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Wednesday, February 29, 2012

City Still Has Not Made Lagoon Study Decision

• Critics Call for Another Approach as Time Runs Out for the $25,000 Project Review

BY BILL KOENEKER

There is still no agreement about who should review the Malibu Lagoon documentation pertaining to the restoration project, according to Wetlands Defense Fund head Marcia Hanscom, who told the Malibu City Council Monday night maybe another approach should be attempted.
Her associate, Roy van de Hoeck, the science director of the Wetlands Defense Fund, acknowledged that scientists do have biases and that maybe another approach could be each side choose two experts so that both sides would have their own reviewers of the documentation. “The city council could give guidance to the city manager,” said Van de Hoeck. City Manager Jim Thorsen was not at the council meeting.
“We could reach an understanding that all of the three or four scientists would be dividing up the $25,000,” he added.
Two weeks ago Hanscom and Van de Hoeck, who are critics of the Malibu Lagoon restoration project accused the Department of Parks and Recreation for dragging its heels and not providing the documents needed nor making a recommendation for a consultant to review the paperwork for a $25,000 study to evaluate the restoration proposal for a city council decision on whether to support or oppose it.
Hanscom, who is spearheading opposition to the restoration plans, said it was not true that her group had not submitted information and blamed State Parks..
However, Suzanne Goode, senior environmental scientist for State Parks, said that was not the case.
“Our documents were either submitted at the same time or before Marcia's. I've given everything [to the city] last week,” she said.
Goode also countered Hanscom’s claims about the recommendations.
Councilmember John Sibert, who is running for reelection, urged his colleagues on the city council several weeks ago to allocate $25,000 for an independent study of the reports and documents related to the Malibu Lagoon restoration in order for the council to take a position. It was given a 30-day timeline.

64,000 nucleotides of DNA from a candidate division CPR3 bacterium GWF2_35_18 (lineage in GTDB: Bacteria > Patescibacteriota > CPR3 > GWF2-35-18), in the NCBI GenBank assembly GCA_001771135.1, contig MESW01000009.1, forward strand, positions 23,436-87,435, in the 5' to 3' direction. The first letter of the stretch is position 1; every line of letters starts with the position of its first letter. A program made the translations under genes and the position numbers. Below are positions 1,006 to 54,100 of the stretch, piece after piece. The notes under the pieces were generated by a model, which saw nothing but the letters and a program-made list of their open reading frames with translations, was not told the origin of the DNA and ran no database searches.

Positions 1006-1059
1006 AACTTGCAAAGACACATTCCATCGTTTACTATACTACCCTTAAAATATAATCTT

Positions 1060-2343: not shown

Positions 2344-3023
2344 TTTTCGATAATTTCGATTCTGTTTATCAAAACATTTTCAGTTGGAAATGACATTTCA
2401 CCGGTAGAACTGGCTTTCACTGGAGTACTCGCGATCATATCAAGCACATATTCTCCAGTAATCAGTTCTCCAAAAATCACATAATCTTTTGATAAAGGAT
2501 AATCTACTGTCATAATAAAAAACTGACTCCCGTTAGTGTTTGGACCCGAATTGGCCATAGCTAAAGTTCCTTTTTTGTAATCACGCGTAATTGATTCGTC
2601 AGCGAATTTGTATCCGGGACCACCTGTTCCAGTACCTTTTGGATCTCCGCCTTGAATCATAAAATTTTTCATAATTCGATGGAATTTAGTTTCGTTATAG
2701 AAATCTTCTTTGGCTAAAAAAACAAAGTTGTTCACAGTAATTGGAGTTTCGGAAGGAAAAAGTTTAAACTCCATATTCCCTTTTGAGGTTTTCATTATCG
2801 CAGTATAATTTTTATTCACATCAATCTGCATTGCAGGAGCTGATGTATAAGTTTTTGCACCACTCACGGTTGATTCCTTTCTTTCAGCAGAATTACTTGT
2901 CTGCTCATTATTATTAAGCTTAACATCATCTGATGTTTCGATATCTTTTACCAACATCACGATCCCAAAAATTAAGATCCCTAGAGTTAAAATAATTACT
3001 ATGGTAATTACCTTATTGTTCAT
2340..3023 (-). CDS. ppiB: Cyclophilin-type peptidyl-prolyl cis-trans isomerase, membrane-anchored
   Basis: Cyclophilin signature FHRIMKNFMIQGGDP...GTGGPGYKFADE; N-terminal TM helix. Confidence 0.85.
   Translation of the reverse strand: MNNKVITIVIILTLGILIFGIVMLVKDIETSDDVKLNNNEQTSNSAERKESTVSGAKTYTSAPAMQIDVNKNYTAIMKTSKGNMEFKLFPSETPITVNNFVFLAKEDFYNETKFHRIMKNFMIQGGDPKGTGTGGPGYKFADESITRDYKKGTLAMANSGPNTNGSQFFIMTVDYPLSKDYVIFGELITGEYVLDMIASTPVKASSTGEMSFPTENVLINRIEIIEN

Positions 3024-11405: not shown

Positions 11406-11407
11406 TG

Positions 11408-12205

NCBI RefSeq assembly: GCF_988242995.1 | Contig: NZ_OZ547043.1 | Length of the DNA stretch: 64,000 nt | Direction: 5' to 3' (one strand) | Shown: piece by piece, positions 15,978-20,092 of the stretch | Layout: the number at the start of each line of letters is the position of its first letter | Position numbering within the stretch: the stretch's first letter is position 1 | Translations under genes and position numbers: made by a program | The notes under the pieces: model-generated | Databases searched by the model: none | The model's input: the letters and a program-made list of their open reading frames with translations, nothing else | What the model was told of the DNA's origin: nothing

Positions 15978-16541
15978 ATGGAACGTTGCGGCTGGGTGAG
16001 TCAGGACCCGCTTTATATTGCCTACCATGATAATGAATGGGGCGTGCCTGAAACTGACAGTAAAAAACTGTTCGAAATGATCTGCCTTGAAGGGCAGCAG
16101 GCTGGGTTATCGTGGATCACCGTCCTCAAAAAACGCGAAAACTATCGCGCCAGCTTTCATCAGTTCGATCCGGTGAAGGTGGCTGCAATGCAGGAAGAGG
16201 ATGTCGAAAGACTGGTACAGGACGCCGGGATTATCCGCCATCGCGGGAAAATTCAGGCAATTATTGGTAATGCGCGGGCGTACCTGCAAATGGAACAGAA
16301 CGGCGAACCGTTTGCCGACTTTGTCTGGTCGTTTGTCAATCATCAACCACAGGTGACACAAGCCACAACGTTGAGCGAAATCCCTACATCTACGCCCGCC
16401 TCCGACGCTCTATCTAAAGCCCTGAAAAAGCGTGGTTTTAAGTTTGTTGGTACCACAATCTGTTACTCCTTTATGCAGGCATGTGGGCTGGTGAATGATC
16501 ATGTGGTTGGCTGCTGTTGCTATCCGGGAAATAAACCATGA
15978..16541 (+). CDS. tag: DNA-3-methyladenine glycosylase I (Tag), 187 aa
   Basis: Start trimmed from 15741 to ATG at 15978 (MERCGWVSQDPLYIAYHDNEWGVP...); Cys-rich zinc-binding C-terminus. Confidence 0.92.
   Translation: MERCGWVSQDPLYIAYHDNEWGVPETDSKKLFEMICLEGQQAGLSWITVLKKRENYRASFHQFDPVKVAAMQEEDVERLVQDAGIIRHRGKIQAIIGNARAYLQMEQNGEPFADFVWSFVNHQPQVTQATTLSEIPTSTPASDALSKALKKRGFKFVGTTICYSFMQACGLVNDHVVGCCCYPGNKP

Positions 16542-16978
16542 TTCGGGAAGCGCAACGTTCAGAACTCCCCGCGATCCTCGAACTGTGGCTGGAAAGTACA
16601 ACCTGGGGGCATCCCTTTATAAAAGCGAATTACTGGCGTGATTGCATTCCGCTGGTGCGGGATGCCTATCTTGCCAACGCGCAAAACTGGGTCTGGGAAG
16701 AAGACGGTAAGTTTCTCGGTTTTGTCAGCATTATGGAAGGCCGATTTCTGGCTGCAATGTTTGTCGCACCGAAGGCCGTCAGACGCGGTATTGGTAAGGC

Hanscom this week said at the least the city could call for an Environmental Impact Report supplemental or rescind the letters sent to the California Coastal Commission in support.
Councilmember Pamela Conley Ulich, who has been most strident in her opposition, seemed unimpressed by the newly offered solution.
“Then we will have the battle of the project experts,” she said. “Let’s use common sense. This is not a restoration. It is not natural. Let Mother Nature go. Using clean drinking water funds to create this is wrong.
[It’s] something that is not. It is wrong for Malibu. Stand up and be counted. It is time to take a hard look at this. Time to stand up and make a decision,” she said.
Conley Ulich said the city was willing to file an amicus brief during the fight against the LNG port. “The mayor could meet with the governor,” she added.
Conley Ulich picked up on a theme Hanscom had talked about how the city oversaw phase one and then did not oversee phase two.
“What happened?” asked Conley Ulich, directing the question to City Attorney Christi Hogin.
“I was not involved in that decision,” Hogin answered.
Planning Director Joyce Parker-Bozylinski said she believed phase one was wholly within the city’s jurisdiction, but would have to research and report back to the council about phase two.
“This goes back to local control,” said Conley Ulich. “This is insanity. I have legal questions about the process, I will be asking Christi Hogin. I will make a report on March 12.”
Sibert has repeatedly said the study needs to be done in a timely matter. “We need to sort out the assertions from the evidence and find out which is what in the lagoon.”
Sibert had previously said he was not looking for another study, but rather have an independent consultant to look at the facts.
Sibert initially indicated there are so many claims and counter claims he wanted to see that corrected.
Responding to charges that he wanted to delay the matter until after the election, Sibert said, “I want to see this done before the election. We need to agree on who is going to be doing this. We are not on opposites,” he said.
“This study may or may not be done by the election,” said Conley Ulich, who previously challenged Sibert saying he could have called for the study nine months ago. “I want to know why Councilmember Sibert had not called for it then. They could have been studying this. What happened in the last nine months? Is it now nine months later because of the campaign?” Conley Ulich asked.
“I resent that statement,” shot back Sibert. “It is not [because of the city council] campaign. I did not say that about that.”
When it came time to pony up the $25,000, Conley Ulich said she was going to support the allocation, but did not want the researcher to be from NOAA, and the study must be done in 45 days.
Councilmember Lou La Monte, at the time, said he was going to consider the matter based on the scientific evidence.
Councilmember Jefferson Wagner defended Sibert, saying his colleague took a fair stand.
“I think we should follow through. The USGS could do this. But we do need it in thirty days,” he said.
Mayor Laura Rosenthal said she too wanted the information. “I’m hearing things tonight I know are absolutely not true. I want to support this.”

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